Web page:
Sunday, August 14, 2011's a social thing!

I am feeling a little bummed out by the veg business lately. In fact I was looking at the job boards on the internet. "Sandwich artist?" Who comes up with this stuff?
Probably not for me. 
This is a post I wrote a while back. But I thought it a good way of reminding myself how rich this experience has been.
When most people think of farming and growing food, they think of an occupation that is reasonably — well, lonely.

But I have to tell you, for me it has opened up all kinds of new and interesting relationships; folks I never would have encountered if not for what I do.
I'd like to tell you about a few of them.
I have Irena, "the pepper gal," I call her in private. This elderly woman (a bit rough around the edges) and I touch base many times a year now. She knows where I live. She is an avid gardener, committed to growing organically and to growing open-pollinated crops she can save seed from. Her search is always for certain peppers, though. They continue to remain elusive... . I scour my catalogues for her, but never find exactly the name she is looking for. But in the meantime she likes to try what I have. She finds my prices a bit steep and I understand that. She is from a different generation and I am happy to give her what she wants. She always offers to pay — usually far less than my price —  but when you own the business, you can give what you want to who you want.
When she told me last year she was 93, I could have fallen over. She drives, gardens and has a fantastic enthusiasm for what she does. Bless her — the plants are always on me!
Let me tell you now about the couple who have become such wonderful friends and the way it all began.  Years ago, probably 12 or 13, I put a small, but pricey ad in the Welland Tribune classifieds. It read "organic vegetables for sale" and listed my available produce and phone number.

And Shirley phoned.
With a clear American accent and an enthusiasm that bowled me over, she came into my world.
Shirley and her husband Phil had been buying their organic produce from Toronto and were delighted there was someone in their township (Wainfleet) growing organic food.
Twelve years later we are still together, friends and a shoulder to lean on at times. When my mom passed away two years ago, it was Shirley who led me through a really difficult harvest day, talking to me, encouraging me and just being there. And they say food inspires conversation? It has really done so much more. It has led me to folks like Shirley and Phil, who are on the same page in so many ways.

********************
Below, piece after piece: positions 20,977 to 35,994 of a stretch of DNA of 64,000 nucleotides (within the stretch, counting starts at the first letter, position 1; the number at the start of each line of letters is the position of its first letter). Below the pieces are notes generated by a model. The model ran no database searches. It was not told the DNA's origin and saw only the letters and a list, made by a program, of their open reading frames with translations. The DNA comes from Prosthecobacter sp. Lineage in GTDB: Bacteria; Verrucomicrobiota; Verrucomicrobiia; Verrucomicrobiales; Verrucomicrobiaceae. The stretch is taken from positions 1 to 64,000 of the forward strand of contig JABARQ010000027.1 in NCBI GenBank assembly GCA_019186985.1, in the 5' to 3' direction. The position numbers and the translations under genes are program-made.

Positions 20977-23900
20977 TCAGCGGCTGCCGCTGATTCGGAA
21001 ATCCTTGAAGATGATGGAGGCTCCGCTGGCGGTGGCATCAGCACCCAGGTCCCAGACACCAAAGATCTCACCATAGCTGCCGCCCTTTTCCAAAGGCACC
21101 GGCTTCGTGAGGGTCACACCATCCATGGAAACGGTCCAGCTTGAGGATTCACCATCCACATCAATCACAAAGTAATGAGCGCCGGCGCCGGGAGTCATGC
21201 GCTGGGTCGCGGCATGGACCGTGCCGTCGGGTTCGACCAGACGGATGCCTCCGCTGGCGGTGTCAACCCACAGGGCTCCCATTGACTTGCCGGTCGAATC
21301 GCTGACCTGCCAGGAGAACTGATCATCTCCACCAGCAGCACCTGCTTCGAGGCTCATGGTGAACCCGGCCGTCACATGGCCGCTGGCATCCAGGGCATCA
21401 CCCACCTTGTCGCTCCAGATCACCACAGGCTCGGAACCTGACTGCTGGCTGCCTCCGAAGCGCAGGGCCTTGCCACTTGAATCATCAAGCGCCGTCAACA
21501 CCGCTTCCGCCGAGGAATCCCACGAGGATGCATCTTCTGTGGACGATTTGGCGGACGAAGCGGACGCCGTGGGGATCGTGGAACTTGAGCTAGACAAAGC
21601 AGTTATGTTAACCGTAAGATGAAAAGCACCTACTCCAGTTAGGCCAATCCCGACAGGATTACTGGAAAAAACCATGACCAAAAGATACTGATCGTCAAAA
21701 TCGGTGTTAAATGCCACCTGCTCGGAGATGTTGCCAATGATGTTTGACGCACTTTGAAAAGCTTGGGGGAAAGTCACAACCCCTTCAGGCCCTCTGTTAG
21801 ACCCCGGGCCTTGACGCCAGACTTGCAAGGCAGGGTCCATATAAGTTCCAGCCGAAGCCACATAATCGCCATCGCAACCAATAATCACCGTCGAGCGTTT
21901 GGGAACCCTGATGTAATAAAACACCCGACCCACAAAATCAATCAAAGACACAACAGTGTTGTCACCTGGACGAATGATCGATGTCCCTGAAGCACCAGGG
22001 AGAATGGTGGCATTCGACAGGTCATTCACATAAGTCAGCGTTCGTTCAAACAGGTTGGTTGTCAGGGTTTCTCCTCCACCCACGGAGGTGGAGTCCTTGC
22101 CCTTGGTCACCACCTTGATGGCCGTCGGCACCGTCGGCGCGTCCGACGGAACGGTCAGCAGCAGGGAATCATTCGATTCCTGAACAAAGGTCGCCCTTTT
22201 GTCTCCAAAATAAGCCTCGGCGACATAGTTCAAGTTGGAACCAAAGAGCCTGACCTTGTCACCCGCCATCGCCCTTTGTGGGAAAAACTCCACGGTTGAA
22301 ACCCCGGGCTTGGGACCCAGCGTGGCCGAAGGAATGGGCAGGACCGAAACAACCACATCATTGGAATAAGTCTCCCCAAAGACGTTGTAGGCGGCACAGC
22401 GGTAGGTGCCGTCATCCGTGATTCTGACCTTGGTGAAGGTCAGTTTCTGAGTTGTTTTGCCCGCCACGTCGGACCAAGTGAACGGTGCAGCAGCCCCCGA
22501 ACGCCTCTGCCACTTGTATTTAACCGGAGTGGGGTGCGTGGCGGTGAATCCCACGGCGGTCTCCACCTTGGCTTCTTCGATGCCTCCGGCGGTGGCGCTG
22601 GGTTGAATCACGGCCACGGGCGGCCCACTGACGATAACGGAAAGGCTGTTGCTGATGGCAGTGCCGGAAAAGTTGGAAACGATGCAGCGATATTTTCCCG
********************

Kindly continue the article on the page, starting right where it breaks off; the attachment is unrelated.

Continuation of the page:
There are so many more folks. Emily and her husband Wolfgang Sterr formerly of The Wildflower have become great friends. That is Emily's smiling face in the picture above. A ray of sunshine.

Hundreds of folks have inspired me over the years. Young(er) folks volunteering their time here to help out and learn. People stopping by with seed from their favourite plants or the actual plants. Phone calls from older people looking for plants their parents grew... now some of my favourites.

The somewhat eccentric, but wonderful George from Winnipeg, who sends me seed from his favourites. The great chefs I now deal with. Can I share a secret? I was initially hesitant to deal with restaurants because I heard chefs can have — shall we say — an issue with temper management. Not true. A great bunch.
The creator extraordinaire, Tom Wagner, whom I met several years ago at the Seed Savers Convention in Iowa. I'm delighted to follow your progress and support your efforts.
It has been a great ride and far, far richer than I ever imagined. Thanks all.

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